This is Africa’s second largest wildlife sanctuary. (The largest is the Kavango Zambezi Transfrontier Conservation Area, or KAZA, which covers 444,000 sq. km.) Spread over 54,600 square kilometers in the southeastern part of Tanzania, Selous (pronounced Seloo) is home to over 750,000 large mammals and more than 450 bird species. The world’s largest population of elephants is found here. Other inhabitants of Selous include lions, leopards, cheetah, African hunting dogs, zebra, giraffe, various antelopes, black rhinoceros, a variety of primates, buffaloes, crocodiles and hippopotami.
The Rufiji River, Tanzania’s longest, courses through this Reserve, and is navigable by tour boats. Lake Tagalala, a lagoon along the Rufiji, is believed to have the world’s largest population of crocodiles. Most of Selous is dedicated for hunting, but there is a northern section that is reserved for “photographic tourism.”
A 2-3 hour Bush Walk through elephant, lion and leopard country is one of the highlights on offer at Selous. An armed guide will insist on accompanying you on the walk, to help you out in the event that a lion or leopard takes exception to your trespassing. It is a sensible idea, don’t you think?
The tour includes a visit to the grave of Captain Frederick Courtney Selous, an Englishman who was a professional hunter and one of the Victorian conquerors of the “Dark Continent.” He killed numerous animals “not for mere sport, but also to gain the goodwill of the natives.” He was a “friend” of King Lobengula Khumalo of the Ndebele, though the latter came to hate him for reasons that are easy to guess. Selous was also a friend of luminaries like Cecil John Rhodes and Theodore Roosevelt.
Selous was killed on January 4, 1917 during the First World War, felled by a German bullet that hit him as he looked through his binoculars in search of enemy soldiers. He was buried at the spot where he died in Beho Beho.
The best time to visit Selous is from July to October. The area is often impassable during the heavy rains of March to May.
Please Note: Tanzania National Parks, the custodian of the country’s great heritage that Nyerere so eloquently talked about in 1961, does not mention Selous Game Reserve on their website.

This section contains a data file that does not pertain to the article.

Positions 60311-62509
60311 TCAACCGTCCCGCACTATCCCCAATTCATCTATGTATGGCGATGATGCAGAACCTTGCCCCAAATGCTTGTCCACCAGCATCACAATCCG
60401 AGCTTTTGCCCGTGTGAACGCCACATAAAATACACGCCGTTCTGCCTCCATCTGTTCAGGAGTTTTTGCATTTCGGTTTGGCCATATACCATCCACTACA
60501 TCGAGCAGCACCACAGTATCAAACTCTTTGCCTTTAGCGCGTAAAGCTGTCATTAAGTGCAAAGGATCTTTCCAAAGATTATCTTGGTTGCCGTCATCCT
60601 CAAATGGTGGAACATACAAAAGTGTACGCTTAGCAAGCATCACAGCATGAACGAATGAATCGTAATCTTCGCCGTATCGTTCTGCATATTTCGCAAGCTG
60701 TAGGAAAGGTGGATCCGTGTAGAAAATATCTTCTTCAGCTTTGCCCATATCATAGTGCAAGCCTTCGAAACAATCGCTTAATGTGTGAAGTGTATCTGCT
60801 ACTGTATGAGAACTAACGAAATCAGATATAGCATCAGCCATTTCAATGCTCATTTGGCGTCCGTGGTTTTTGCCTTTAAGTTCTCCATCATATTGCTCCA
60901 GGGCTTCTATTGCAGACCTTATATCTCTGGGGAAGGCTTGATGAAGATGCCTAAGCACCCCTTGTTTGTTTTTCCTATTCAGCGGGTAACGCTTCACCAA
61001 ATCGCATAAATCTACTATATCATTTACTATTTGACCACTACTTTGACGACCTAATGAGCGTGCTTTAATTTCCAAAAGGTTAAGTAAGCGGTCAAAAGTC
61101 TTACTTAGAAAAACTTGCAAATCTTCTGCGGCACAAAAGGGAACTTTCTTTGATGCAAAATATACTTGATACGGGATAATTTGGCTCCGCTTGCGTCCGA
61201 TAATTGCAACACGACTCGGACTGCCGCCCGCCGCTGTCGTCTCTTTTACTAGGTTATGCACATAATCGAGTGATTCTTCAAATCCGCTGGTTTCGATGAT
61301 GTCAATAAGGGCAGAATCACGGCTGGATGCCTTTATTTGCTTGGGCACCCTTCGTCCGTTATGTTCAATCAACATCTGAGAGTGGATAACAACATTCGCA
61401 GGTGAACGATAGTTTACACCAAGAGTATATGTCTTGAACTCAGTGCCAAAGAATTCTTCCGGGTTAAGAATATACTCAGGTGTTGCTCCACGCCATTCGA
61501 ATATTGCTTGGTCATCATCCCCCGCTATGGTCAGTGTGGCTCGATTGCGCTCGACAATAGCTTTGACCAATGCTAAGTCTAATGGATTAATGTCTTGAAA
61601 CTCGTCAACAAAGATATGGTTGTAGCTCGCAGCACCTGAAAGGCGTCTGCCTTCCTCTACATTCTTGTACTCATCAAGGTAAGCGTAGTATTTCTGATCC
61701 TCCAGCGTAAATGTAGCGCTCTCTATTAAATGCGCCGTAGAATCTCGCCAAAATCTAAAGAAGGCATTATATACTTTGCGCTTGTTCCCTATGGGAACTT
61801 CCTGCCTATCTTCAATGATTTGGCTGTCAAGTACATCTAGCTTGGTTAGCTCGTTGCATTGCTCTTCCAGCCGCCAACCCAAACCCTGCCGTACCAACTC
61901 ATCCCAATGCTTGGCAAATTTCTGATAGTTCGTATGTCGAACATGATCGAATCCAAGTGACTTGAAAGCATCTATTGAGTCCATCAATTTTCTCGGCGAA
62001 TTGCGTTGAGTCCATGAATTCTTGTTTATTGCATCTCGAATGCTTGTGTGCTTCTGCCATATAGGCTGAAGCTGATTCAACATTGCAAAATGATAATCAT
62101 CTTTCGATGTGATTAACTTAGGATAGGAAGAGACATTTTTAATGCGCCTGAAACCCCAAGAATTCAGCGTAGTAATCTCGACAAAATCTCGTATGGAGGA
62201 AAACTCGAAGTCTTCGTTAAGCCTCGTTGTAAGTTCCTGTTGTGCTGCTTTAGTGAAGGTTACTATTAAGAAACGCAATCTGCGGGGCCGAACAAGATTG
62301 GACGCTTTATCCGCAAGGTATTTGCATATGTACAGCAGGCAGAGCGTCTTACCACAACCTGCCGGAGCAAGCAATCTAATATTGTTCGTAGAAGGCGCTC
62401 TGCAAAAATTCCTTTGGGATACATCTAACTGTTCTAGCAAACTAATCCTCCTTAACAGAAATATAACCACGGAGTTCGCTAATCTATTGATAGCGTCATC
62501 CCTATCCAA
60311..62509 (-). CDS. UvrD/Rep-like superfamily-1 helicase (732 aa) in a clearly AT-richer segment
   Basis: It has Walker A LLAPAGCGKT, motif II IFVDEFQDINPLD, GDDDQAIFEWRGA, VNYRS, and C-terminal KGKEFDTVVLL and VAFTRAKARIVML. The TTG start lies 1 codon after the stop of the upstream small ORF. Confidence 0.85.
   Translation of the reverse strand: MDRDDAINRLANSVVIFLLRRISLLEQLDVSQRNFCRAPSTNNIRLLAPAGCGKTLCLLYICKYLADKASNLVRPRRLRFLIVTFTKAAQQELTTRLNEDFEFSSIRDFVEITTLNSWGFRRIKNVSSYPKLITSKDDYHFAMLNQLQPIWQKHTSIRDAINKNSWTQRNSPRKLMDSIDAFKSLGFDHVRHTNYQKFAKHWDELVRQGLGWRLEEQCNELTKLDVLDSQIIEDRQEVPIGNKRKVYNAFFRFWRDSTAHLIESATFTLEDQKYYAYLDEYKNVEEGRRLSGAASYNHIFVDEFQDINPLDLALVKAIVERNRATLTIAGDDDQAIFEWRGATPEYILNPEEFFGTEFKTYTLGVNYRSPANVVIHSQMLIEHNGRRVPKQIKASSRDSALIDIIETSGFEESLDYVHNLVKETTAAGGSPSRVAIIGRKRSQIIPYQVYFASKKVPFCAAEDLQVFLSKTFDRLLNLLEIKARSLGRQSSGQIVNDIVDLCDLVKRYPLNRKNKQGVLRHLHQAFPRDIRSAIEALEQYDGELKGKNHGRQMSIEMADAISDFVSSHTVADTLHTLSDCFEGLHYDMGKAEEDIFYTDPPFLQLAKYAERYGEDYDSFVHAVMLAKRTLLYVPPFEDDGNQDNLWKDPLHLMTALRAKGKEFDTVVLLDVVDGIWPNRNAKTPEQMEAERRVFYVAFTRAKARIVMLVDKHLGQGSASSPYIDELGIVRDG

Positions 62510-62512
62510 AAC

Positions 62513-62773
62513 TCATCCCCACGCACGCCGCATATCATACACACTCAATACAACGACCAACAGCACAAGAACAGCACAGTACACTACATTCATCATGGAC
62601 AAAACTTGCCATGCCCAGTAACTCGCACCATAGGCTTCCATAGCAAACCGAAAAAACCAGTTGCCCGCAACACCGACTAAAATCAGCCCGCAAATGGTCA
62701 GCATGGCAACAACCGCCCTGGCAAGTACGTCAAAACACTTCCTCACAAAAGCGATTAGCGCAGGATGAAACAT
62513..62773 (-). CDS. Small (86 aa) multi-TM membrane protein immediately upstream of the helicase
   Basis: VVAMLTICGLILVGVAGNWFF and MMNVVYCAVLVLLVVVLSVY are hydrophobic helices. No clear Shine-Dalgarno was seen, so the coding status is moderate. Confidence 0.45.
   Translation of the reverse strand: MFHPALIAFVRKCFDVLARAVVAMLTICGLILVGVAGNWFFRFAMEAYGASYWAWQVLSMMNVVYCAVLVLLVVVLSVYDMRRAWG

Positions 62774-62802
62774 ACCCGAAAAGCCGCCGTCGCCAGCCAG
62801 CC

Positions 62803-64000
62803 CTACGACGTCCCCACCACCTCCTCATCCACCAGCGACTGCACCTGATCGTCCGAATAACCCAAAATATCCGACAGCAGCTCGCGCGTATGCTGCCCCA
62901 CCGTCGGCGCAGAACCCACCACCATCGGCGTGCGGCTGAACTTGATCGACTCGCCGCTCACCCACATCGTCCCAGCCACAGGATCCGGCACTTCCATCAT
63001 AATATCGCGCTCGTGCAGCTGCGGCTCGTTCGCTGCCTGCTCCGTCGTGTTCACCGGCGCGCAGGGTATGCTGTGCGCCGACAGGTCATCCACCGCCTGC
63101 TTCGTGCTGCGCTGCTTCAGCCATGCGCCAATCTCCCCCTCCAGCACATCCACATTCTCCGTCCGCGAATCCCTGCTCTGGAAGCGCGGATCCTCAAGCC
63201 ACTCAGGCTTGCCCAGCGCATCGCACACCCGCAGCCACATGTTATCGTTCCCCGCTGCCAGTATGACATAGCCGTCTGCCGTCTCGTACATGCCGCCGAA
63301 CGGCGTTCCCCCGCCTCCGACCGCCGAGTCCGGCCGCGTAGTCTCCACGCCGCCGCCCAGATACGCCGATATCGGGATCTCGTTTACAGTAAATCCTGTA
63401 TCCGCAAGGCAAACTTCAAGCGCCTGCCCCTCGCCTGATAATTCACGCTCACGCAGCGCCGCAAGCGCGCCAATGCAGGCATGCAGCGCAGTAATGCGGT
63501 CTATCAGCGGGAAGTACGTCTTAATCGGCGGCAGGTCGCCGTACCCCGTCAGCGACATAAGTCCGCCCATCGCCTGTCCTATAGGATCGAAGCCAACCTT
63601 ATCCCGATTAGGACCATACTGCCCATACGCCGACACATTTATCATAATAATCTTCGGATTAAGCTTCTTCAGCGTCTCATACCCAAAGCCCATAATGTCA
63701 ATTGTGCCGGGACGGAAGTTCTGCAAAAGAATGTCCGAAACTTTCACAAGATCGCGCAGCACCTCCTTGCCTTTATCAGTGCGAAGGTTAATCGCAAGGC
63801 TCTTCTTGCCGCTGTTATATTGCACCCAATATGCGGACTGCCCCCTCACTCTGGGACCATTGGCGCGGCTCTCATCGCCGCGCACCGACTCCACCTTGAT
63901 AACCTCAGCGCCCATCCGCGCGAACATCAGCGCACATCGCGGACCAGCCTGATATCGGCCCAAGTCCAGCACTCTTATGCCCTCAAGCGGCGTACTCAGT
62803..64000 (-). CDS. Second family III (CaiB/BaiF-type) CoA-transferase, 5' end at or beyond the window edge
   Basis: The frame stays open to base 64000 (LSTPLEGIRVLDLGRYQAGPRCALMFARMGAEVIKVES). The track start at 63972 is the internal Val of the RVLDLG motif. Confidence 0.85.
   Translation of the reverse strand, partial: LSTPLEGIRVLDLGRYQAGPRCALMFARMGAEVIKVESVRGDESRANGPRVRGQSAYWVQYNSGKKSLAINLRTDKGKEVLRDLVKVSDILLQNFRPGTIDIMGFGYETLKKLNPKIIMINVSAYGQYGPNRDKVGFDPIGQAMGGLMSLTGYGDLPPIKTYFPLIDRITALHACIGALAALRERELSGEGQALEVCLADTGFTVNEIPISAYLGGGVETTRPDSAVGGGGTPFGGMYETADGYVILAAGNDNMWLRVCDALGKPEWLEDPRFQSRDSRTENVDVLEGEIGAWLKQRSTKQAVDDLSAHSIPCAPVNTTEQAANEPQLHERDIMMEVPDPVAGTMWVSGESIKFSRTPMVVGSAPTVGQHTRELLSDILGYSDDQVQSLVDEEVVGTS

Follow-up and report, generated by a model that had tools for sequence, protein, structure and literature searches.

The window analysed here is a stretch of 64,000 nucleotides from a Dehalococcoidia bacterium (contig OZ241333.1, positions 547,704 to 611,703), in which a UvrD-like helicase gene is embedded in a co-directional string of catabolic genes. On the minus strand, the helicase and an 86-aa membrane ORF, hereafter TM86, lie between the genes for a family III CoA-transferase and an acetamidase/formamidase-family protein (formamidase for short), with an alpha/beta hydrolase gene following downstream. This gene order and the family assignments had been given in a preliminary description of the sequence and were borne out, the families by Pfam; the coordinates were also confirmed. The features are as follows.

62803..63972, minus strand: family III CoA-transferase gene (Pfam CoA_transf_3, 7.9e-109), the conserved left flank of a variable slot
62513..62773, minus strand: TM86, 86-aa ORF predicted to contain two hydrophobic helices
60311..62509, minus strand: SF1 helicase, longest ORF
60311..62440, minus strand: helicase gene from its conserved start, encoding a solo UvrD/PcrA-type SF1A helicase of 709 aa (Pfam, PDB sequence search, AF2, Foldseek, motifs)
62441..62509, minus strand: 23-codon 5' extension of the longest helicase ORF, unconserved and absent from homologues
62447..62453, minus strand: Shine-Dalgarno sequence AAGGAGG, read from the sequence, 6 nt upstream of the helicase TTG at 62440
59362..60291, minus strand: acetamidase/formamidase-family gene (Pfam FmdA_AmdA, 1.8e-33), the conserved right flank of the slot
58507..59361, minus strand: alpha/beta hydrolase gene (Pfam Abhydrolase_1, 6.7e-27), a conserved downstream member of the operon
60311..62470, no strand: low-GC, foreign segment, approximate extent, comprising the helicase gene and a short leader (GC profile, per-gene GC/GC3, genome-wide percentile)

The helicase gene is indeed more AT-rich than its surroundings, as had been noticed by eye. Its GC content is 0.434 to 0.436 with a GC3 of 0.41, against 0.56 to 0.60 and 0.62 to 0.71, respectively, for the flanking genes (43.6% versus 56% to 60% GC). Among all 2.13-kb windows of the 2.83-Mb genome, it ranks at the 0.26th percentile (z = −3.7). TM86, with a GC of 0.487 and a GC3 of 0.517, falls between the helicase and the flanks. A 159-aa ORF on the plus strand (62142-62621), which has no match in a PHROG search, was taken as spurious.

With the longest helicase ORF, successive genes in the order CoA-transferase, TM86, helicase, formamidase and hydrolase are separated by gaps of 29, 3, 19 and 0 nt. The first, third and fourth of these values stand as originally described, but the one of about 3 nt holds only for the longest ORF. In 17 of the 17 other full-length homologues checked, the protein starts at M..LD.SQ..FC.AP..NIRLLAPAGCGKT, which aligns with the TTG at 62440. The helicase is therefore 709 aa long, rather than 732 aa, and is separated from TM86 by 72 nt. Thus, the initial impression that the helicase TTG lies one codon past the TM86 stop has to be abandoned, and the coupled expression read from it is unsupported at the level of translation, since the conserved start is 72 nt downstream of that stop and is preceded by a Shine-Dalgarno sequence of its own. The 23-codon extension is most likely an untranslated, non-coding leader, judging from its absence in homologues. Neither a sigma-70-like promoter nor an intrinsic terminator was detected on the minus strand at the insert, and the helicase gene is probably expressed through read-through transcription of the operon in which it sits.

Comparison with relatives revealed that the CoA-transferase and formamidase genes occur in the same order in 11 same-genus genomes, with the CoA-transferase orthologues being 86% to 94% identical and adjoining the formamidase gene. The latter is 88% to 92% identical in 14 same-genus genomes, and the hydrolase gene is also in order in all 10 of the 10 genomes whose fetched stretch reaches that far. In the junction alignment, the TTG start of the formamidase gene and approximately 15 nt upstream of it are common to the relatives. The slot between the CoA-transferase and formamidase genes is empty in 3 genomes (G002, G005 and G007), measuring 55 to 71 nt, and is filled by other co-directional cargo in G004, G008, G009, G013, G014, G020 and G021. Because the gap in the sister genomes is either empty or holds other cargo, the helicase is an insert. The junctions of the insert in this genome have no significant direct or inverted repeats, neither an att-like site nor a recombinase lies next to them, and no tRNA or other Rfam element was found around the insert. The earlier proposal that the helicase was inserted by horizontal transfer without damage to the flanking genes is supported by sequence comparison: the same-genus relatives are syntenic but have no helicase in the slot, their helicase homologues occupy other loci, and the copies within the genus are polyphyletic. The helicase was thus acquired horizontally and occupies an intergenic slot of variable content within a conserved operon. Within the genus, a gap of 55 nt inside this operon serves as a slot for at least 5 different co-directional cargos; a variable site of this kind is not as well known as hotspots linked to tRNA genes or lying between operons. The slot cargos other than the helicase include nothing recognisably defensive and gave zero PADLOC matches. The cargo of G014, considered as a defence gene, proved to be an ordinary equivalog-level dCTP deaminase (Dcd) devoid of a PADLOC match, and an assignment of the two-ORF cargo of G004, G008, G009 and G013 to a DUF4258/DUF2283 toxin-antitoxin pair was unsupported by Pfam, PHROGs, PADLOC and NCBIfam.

Until recently, Selous was a UNESCO World Heritage Site. Its downgrade to the “in danger” status was a consequence of the poaching that has, once again, reduced the elephant population from 65,000 in the late 1980s to just over 13,000. You can read about it here.
Tanzania has an organized cultural tourism program that offers invaluable opportunities to interact with and learn about the lives and and lifestyles of rural people. There is excellent information about this on the website of the Tanzania Cultural Tourist Programme.
Mention Zanzibar and you awaken images of an ancient place with magnificent palm-lined white sandy beaches, multicoloured coral reefs, dhows, old Arab settlements, sultans and spices, fiery red sunsets, exotic sights, sounds and smells.
The Zanzibar archipelago is made up of two large islands – Unguja and Pemba. Unguja, the main island, is home to Stone Town, a labyrinthine place in the centre of the island, with narrow streets coursing between old stone mansions, palaces, harems, dungeons, bazaars, mosques and even churches. The locals call the area Mji Mkongwe (Old Town), which it is. It is Arabia in the tropics.
Everybody has been here – Persians, Arabs, Portuguese, Indians, Germans, British and of course the mainlanders. A rich mix of cultures that is written on this island – and continues to be written on the island.
Zanzibar’s Old Town takes you back to a time of great splendor for some and greater suffering for others. Just over a century ago, you will recall, Tipu Tipp, the notorious rascal of the African slave trade, held court here even as his human cargo in schackles stewed in dungeons awaiting onward shipment to Arabia and other markets.
Tippu Tip, whose real name was Hamad bin Muḥammad bin Jum’ah bin Rajab bin Muḥammad bin Sa‘īd al-Murjabī, owned a magnificent mansion in Stone House. It is located along Suicide Alley.
Though not open to the public, Tippu Tip’s digs are a “living” reminder of human folly and a connection to that unforgettable chapter of our continent.
That dark side of Zanzibar is lightened by the memory of those who fought the slave trade, among them Dr. David Livingstone. There is a Livingstone House right there in Zanzibar, built in 1861, open for tours.
Please read more about Zanzibar right here.
Where To Stay In Tanzania
Hotels and Resorts
Excellent quality in the cities and the major parks. Book well in advance.
Tanzanian Shilling (TZS; symbol TSh). Notes are in denominations of TSh10,000, 5,000, 2,000, 1,000 and 500. Coins are in denominations of TSh 500, 200, 100 and 50. It is best advised to carry your hard currency in US Dollars. Note that Tanzanian banks do not accept US Dollar bills from 2003 or earlier.
Most top-end hotels, safari lodges, airlines and tour operators accept Visa and MasterCard (American Express and Diners Club less so), though a commission of 2-5% is usually charged.
Cash easily can be withdrawn from ATMs using Visa or MasterCard.
May be cashed in some banks (try Barclays) or Foreign Exchange Bureaus in the major cities. Expect to pay hefty fees.
Mon-Fri 0830-1530, Sat 0830-1300. Foreign Exchange Bureaus have longer hours.